On the credibility of appellant's testimony that he had no intention of hurting his victim badly, the prosecutor stated, "I think it's incredible to even make a statement like that." Finally, the prosecutor called appellant's actions "a severe beating without any *588 justification or excuse of any kind." He added:

"* * * It certainly wasn't in self defense as they would have you believe. * * * The Defendants were vicious in their treatment of these boys * * *."

No objection was taken to these statements. In our opinion they were not prejudicial and do not require reversal. We have condemned expressions of personal opinion by the prosecutor bearing on the truth or falsity of testimony or evidence of guilt. However, as this court stated in State v. Prettyman, 293 Minn. 493, 495, 198 N.W.2d 156, 158 (1972):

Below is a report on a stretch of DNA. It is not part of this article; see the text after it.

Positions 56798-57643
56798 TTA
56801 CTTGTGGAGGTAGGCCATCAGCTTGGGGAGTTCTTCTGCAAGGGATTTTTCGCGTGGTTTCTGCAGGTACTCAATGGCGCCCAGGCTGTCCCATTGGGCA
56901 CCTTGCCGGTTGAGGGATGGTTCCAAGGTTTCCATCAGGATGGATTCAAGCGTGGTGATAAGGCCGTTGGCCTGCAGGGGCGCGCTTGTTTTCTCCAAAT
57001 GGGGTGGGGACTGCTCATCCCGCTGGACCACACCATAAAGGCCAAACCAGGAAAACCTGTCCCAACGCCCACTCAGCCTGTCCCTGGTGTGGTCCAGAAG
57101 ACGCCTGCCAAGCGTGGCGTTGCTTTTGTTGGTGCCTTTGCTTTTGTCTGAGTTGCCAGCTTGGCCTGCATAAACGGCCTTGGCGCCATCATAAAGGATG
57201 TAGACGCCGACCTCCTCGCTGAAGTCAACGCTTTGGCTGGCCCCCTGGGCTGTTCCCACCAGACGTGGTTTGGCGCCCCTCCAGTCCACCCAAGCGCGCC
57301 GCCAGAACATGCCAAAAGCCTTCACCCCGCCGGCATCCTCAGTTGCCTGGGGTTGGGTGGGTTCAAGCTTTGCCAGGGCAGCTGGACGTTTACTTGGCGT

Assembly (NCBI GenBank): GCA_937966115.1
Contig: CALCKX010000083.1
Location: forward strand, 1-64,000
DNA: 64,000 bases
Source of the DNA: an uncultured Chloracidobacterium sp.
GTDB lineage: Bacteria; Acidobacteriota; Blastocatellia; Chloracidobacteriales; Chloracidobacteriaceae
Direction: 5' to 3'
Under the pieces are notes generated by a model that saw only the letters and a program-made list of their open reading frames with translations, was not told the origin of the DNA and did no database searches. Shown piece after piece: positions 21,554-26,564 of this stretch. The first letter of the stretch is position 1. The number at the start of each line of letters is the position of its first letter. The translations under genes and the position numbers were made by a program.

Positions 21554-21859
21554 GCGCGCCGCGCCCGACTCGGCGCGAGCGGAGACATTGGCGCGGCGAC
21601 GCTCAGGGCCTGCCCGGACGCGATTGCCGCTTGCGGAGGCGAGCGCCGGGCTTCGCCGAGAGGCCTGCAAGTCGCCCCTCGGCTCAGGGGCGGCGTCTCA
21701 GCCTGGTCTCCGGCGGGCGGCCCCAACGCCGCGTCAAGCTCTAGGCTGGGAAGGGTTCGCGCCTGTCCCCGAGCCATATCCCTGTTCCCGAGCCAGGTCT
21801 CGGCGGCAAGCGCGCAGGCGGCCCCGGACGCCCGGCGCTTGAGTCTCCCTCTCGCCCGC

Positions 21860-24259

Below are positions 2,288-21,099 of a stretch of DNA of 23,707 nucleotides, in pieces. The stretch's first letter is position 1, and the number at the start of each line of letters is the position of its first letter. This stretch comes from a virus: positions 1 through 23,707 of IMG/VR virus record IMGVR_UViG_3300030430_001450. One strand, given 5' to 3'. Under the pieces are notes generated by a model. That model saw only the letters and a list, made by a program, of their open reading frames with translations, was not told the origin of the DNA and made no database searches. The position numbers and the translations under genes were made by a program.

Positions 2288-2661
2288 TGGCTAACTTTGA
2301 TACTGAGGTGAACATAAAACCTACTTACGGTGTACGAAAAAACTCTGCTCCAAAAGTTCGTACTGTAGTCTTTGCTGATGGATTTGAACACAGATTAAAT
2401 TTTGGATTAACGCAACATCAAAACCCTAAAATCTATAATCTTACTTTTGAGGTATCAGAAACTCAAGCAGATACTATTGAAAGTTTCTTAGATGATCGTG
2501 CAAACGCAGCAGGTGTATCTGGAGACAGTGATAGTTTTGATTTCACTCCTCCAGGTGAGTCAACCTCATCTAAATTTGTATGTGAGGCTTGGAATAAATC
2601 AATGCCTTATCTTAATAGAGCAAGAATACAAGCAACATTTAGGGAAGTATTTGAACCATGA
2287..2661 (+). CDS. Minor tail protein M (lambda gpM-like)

"* * * Although always wrong, such comments are not always prejudicial. The strength of the evidence against defendant and the otherwise balanced argument addressed to the jury's acknowledged role in judging the evidence may be considered in determining whether such comments infected the verdict."

We are of the opinion, that the prosecutor's comments did not deprive appellant of a fair trial. See, A. B. A. Standards, The Prosecution Function (Approved Draft, 1971) § 5.8(b). See, also, State v. Thomas, Minn., 232 N.W.2d 766 (1975).

2. Appellant objects to his cross-examination by the prosecutor. His attorney disclosed the fact that appellant had previously been convicted of a crime, apparently a misdemeanor. On cross-examination, the following exchange took place: